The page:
Josi Denise became a “mommy blogger” in 2013, building up her American Mama blog until it reached “tens of thousands” of monthly readers, generating the mother of three “thousands of dollars” in some months.
But the blog came to an abrupt end late last week, when Denise had a crisis of conscience and quit.
In a splenetic rant on her new namesake blog (which is worth reading in full), Denise said much of the content posted to her mommy blog — and countless like it online — was garbage. She has deleted many of those posts, she said, “Because, like 90% of the fake nonsense I used to share on the internet as a mommy blogger writing about my fake life and oh-so-happy marriage, they are pure b——t.”
First, there’s the readership. According to Denise, barely anyone is actually reading mommy blogs. The comments, she said, are mostly from other mommy bloggers looking to build up their networks:
“Why? Because your shit is boring. Nobody cares about your shampoo you bought at Walmart and how you’re so thankful the company decided to work with you. Nobody cares about anything you are saying because you aren’t telling an engaging story. You are not giving your readers anything they haven’t already heard.”
Read more: The 12 best gadgets for new parents
Then there is the relentless fake happiness, signaled with exclamation marks. Denise said the most recent brand she worked with even sent back a draft post “edited with at least half a dozen exclamation points added.”
Denise is particularly sick of mommy bloggers’ fake endorsements — “sunshine and f—ing daisy reviews” — in which bloggers fail to tell a brand what they really think of their product because of the risk that the brand might not work with them again.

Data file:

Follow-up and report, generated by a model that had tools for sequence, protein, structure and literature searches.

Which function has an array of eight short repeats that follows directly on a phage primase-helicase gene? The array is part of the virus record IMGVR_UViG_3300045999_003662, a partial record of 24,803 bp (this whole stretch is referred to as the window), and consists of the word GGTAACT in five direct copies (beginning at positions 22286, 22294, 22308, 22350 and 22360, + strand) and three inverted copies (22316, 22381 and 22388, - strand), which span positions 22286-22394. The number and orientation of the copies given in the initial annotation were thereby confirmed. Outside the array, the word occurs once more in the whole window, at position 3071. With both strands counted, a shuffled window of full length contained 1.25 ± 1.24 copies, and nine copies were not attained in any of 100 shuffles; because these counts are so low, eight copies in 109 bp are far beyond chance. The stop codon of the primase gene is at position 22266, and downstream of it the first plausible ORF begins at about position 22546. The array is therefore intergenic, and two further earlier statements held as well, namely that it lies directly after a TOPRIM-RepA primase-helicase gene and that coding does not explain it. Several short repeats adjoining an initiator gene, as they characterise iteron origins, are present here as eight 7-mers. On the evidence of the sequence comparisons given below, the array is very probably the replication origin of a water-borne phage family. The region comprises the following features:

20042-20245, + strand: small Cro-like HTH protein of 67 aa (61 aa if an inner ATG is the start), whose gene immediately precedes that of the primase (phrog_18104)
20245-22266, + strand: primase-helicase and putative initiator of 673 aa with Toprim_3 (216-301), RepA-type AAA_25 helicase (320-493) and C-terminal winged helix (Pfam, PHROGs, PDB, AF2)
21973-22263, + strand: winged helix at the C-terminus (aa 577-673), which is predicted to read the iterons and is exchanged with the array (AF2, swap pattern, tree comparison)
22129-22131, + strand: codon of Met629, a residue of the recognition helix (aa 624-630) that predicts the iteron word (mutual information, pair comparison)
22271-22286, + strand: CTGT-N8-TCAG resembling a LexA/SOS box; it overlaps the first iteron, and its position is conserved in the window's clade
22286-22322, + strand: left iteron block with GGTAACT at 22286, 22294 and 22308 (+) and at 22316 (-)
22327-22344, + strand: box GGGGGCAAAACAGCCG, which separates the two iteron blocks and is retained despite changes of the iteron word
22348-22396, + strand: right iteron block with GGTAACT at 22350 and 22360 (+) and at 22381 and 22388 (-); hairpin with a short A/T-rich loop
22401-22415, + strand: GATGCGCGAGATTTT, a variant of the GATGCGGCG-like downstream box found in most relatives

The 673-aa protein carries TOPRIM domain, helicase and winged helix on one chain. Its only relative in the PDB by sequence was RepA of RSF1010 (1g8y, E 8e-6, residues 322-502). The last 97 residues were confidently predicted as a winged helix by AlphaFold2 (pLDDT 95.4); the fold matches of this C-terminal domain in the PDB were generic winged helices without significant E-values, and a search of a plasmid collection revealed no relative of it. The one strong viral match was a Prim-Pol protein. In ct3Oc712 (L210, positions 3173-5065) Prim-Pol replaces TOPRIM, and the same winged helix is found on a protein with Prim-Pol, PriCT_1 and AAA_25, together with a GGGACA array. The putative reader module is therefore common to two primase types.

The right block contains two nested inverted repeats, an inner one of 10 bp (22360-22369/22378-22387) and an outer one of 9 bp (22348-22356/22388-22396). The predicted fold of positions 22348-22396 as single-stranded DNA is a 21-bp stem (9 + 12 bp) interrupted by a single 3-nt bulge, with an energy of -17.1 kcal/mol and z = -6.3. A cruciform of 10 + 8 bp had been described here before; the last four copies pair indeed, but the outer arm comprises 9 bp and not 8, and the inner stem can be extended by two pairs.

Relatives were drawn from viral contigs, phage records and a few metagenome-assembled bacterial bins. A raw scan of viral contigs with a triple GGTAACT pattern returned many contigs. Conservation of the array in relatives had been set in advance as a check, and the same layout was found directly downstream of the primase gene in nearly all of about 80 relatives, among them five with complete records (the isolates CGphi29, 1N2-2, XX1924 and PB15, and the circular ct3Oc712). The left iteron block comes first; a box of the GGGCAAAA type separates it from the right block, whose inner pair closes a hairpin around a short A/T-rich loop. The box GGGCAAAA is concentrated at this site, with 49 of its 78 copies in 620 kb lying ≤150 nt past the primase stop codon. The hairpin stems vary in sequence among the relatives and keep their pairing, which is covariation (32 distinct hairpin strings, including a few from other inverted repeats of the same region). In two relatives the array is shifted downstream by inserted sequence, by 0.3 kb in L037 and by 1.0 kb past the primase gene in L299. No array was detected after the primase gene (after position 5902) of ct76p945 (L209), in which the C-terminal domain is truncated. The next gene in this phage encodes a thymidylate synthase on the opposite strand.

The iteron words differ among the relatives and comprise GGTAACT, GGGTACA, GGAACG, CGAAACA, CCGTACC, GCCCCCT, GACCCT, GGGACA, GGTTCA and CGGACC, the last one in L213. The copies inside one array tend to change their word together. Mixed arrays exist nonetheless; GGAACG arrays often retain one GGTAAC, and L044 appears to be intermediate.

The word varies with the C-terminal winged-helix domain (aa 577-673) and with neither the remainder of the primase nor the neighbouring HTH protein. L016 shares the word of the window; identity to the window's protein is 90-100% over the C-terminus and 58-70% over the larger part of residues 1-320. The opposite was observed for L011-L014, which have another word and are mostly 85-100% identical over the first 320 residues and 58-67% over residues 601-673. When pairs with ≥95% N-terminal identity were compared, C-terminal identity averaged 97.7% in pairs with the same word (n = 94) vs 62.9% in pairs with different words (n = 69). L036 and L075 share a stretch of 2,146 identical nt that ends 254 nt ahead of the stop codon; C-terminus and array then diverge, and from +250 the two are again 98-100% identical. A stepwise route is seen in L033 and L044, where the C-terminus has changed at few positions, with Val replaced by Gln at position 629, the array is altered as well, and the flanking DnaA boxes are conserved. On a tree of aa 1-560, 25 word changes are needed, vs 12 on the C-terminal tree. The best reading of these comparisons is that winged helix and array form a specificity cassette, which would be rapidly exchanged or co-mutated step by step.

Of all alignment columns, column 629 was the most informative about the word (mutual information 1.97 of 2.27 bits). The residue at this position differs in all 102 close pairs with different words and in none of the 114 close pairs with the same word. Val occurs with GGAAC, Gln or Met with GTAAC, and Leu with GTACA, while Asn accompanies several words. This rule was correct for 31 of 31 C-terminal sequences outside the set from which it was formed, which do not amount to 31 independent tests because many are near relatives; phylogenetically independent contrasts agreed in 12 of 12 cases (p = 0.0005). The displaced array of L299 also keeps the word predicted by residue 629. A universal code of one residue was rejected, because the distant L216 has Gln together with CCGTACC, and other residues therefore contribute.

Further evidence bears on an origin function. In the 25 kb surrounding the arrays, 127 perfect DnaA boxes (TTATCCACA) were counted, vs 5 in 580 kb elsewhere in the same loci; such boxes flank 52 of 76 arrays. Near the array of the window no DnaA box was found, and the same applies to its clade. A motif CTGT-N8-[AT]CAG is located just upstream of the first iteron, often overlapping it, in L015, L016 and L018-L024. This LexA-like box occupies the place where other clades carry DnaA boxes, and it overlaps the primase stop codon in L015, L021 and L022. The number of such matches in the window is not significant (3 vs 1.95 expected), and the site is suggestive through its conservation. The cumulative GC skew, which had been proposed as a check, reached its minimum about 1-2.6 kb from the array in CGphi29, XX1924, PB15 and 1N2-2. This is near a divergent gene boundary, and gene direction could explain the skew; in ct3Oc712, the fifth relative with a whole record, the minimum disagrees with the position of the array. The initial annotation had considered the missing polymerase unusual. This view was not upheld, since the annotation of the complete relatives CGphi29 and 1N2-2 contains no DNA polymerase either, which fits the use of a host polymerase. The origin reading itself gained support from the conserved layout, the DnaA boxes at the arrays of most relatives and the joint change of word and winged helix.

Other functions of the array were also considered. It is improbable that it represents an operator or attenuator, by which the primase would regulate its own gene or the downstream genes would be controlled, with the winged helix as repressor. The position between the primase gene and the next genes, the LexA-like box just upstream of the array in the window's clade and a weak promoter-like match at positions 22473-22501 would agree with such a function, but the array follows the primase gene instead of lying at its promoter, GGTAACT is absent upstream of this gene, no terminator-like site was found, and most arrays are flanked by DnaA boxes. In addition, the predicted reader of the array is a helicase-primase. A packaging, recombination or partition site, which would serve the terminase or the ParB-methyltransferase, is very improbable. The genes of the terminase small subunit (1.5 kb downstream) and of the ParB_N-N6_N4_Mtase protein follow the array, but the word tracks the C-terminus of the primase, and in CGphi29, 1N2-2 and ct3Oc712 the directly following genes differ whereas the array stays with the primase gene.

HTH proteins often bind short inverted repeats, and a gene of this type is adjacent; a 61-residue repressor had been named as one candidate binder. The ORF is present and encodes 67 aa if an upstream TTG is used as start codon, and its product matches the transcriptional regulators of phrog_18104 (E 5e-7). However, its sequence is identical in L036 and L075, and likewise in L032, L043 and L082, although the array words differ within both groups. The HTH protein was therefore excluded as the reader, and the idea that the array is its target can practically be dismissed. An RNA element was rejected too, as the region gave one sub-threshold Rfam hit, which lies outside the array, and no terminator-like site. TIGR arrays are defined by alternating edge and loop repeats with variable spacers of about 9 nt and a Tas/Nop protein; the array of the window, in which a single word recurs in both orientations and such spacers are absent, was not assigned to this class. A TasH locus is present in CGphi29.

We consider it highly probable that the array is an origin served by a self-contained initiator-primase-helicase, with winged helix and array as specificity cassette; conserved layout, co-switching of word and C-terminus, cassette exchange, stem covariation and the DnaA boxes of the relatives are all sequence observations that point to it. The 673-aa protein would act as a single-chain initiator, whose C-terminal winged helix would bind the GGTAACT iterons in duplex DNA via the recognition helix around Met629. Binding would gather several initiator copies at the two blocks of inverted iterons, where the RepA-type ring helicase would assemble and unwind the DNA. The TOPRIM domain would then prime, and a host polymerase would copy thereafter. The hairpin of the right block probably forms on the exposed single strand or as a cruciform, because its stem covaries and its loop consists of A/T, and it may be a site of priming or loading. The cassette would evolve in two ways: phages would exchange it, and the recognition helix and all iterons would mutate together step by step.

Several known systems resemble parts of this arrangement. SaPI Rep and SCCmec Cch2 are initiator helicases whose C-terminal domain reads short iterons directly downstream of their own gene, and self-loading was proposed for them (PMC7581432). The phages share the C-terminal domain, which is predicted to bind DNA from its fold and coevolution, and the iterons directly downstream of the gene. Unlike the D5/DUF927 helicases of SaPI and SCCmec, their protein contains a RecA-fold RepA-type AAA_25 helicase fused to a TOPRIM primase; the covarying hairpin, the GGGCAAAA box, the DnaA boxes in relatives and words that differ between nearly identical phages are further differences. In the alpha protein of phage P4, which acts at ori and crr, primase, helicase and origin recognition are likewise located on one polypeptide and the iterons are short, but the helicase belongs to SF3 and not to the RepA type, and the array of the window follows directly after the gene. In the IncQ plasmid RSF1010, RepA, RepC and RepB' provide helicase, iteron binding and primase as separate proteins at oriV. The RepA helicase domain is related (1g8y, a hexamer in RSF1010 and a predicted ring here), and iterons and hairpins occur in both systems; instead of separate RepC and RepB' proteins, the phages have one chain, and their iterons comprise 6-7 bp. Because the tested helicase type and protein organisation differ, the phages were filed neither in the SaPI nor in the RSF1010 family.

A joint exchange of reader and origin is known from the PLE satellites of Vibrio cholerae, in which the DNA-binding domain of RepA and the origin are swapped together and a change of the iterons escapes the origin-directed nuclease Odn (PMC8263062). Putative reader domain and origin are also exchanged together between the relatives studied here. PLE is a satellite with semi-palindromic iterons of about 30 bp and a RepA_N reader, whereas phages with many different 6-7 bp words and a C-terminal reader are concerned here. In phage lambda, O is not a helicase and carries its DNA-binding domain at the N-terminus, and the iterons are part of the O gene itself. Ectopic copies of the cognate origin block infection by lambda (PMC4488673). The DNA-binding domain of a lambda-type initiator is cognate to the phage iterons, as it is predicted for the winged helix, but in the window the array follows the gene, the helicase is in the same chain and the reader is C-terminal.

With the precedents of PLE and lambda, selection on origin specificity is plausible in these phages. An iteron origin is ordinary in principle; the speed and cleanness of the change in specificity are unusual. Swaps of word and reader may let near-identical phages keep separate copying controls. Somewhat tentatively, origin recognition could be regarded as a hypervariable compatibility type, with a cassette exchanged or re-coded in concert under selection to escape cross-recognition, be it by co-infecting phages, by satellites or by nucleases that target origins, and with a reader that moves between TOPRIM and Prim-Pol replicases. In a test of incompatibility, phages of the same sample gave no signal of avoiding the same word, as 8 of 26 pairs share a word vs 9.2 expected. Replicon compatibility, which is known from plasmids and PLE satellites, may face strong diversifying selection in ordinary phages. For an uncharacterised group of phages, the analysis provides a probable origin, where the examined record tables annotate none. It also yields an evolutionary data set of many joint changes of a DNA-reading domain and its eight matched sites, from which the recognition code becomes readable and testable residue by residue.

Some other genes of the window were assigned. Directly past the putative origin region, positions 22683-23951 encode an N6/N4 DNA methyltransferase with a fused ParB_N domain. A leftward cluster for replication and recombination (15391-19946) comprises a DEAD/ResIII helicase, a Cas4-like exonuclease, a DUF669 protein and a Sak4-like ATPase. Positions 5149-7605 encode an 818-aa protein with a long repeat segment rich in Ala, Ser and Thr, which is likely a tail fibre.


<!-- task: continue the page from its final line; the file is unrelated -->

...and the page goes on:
She also opens up about her own experience when her blog was more opaque than it should have been: paying a virtual assistant to post her links over the internet for SEO and back traffic; embellishing her stats in her media kit; and using social-media management services to connect with similar bloggers and then unfollowing those who didn’t follow her back on Instagram or Twitter.
Most of the techniques were not effective.
Denise recalls running a prize draw in 2014, offering people the chance to win a KitchenAid mixer if they signed up to her newsletter. She gained hundreds of email subscribers and thousands more on social media and was “invited on an all-expense paid trip to tour a certain chicken corporation’s headquarters to hear about how much money they donate to said charity, and then roped into a writing a post about that even though I didn’t agree with the ethics of the company at all.”
But in reality, she gained nothing.
Bloggers inflating their numbers are “f—ing cheating,” Denise said, adding that if they’re interesting enough, they shouldn’t need to incentivize people to follow. She said her most viral post was an angry open letter directed to an ex she said wasn’t paying child support.
“Genuine content, with a genuine voice, is the only way to gain real readers and connect with real people,” Denise wrote.
She signed off her blog post with this piece of advice to mommy bloggers:
“Just quit. Quit now before you get burnt out and feel guilty. Quit before you realize you wasted years of your life writing bullshit about your kids’ childhood and your relationships instead of being actually involved. Quit before you get caught up in some legal mess with a brand contract and your house is cluttered with shit to review that you do not need and nobody else needs either. Quit before you feel like a failure instead of finding the intersection of happy and fulfilled.”